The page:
Welcome to our March meeting of Monday 6 March. This time we will be visited by the inimitable Stephen Sartin, giving a talk entitled “Church Street: it’s place in history”. Enjoy!!

We have received a message from Alice Lee, she is working on a documentary for Channel 4. It is looking into the history of women’s football, with a particular focus on Dick, Kerr Ladies. She is trying to track down any relatives or friends of the players who might be able to help her with research. If anyone has any information that could be useful to Alice please let her know. Her email address is alicel@lambentproductions.co.uk she would be most grateful.

Another online query has come in from Sarah Jones. She wondered if any of our members would know about the Brush Stock Turner trade, she has discovered that several of her ancestors worked in this trade, it is making handles for brushes. She would like to know more as her 5 x Great Grandma was a manufacturer in and around the Garstang area. Any help would be great. Any info to info@prestonhistoricalsociety.org.uk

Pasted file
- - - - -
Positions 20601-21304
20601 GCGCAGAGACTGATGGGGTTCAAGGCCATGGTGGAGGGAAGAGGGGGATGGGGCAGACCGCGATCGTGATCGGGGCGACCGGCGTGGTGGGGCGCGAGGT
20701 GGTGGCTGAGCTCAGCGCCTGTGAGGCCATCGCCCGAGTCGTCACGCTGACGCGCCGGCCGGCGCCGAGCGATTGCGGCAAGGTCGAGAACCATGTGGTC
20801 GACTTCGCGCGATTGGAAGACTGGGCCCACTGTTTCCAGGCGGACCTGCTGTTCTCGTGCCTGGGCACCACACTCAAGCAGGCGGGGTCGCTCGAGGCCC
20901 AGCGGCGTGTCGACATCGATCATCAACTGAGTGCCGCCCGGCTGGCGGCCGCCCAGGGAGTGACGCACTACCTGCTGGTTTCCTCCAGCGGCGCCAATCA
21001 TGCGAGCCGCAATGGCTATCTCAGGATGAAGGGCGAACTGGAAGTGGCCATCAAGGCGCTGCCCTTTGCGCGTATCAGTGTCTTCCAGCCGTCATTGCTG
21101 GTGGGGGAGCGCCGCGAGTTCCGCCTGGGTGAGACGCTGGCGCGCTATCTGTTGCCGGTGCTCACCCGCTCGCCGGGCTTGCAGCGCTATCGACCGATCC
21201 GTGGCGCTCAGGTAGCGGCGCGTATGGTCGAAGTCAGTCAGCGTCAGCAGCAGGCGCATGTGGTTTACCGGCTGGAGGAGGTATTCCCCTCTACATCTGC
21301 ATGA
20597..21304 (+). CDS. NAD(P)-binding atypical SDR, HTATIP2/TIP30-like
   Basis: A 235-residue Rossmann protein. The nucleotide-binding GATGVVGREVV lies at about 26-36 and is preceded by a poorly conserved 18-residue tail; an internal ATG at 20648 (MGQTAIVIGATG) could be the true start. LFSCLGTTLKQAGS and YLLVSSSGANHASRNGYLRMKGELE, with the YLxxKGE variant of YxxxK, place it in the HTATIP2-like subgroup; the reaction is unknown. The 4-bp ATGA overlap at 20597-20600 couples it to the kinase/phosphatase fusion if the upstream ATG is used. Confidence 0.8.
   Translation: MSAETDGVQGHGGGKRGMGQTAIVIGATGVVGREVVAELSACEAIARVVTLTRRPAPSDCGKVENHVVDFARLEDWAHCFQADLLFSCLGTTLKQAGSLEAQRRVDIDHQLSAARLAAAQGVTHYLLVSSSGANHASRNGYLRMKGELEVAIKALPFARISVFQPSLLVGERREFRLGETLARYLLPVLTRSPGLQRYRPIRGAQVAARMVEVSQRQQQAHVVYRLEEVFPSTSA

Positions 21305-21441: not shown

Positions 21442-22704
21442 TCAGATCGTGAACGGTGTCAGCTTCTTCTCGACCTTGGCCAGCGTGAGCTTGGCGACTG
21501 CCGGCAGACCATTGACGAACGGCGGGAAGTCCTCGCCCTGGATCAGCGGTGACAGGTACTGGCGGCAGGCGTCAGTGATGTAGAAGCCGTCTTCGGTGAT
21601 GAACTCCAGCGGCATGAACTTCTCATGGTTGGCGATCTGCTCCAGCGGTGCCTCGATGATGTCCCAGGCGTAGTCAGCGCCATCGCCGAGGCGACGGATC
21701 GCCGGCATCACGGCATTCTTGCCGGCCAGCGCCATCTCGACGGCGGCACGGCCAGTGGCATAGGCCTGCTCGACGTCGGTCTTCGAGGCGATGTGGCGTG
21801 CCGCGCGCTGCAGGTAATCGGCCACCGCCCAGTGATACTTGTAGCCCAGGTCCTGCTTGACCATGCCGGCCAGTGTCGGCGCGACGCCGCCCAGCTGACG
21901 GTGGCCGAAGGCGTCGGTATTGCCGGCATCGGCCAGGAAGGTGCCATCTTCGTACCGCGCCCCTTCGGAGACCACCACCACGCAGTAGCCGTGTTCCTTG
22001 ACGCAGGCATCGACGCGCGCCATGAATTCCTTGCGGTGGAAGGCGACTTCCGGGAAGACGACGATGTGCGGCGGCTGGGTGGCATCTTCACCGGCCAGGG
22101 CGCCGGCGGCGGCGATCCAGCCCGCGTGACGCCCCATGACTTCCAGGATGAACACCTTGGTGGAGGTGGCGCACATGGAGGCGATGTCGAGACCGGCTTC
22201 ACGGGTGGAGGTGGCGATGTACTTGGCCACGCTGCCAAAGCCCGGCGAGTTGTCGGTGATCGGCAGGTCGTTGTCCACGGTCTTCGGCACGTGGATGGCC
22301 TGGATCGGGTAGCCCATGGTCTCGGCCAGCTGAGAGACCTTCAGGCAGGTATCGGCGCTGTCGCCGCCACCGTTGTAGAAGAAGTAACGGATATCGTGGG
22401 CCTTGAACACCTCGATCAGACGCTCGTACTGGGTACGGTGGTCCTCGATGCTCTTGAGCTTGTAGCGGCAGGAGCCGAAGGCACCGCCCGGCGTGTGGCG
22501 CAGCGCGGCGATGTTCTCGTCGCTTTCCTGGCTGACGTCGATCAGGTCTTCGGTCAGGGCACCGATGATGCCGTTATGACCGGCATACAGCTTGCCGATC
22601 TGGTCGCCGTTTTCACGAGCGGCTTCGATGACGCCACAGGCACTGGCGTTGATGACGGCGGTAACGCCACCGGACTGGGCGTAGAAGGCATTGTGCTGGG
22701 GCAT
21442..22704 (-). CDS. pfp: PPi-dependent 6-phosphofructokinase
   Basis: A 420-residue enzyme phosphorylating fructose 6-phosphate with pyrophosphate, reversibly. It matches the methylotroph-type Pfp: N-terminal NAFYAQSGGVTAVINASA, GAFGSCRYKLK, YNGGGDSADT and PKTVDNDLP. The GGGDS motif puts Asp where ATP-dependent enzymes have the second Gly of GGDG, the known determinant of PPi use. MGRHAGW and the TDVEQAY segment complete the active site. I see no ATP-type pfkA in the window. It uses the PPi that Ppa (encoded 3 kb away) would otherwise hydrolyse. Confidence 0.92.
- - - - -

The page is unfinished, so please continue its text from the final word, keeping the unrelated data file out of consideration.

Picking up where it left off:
Information for our members ...............................

Mr John Sloane has written to our members.....I am writing to let you know about the production “Edith Rigby” – Woman on Fire. A production that has been written about Preston`s most famous suffragette Edith Rigby. I had wondered if your members may be interested to hear that a local theatre company are hoping to take the production to the Edinburgh festival later this year. Also they are hoping to stage the production locally – perhaps in Winckley Square and maybe also at Rivington.

As Edith`s first cousin twice removed I am trying to assist the Certain Curtain Theatre Co raise the funds to put this production on. Towards this end, in addition to making a small donation myself, I have suggested to the producers that they should approach the trade unions Unison and Unite, to ask for donations, in view of the fact that Edith was such an ardent supporter of the rights of women in many ways, and particularly amongst working women locally in Preston. While it is hoped that this will help with securing some funding, it is likely that more will be needed before this production can go ahead.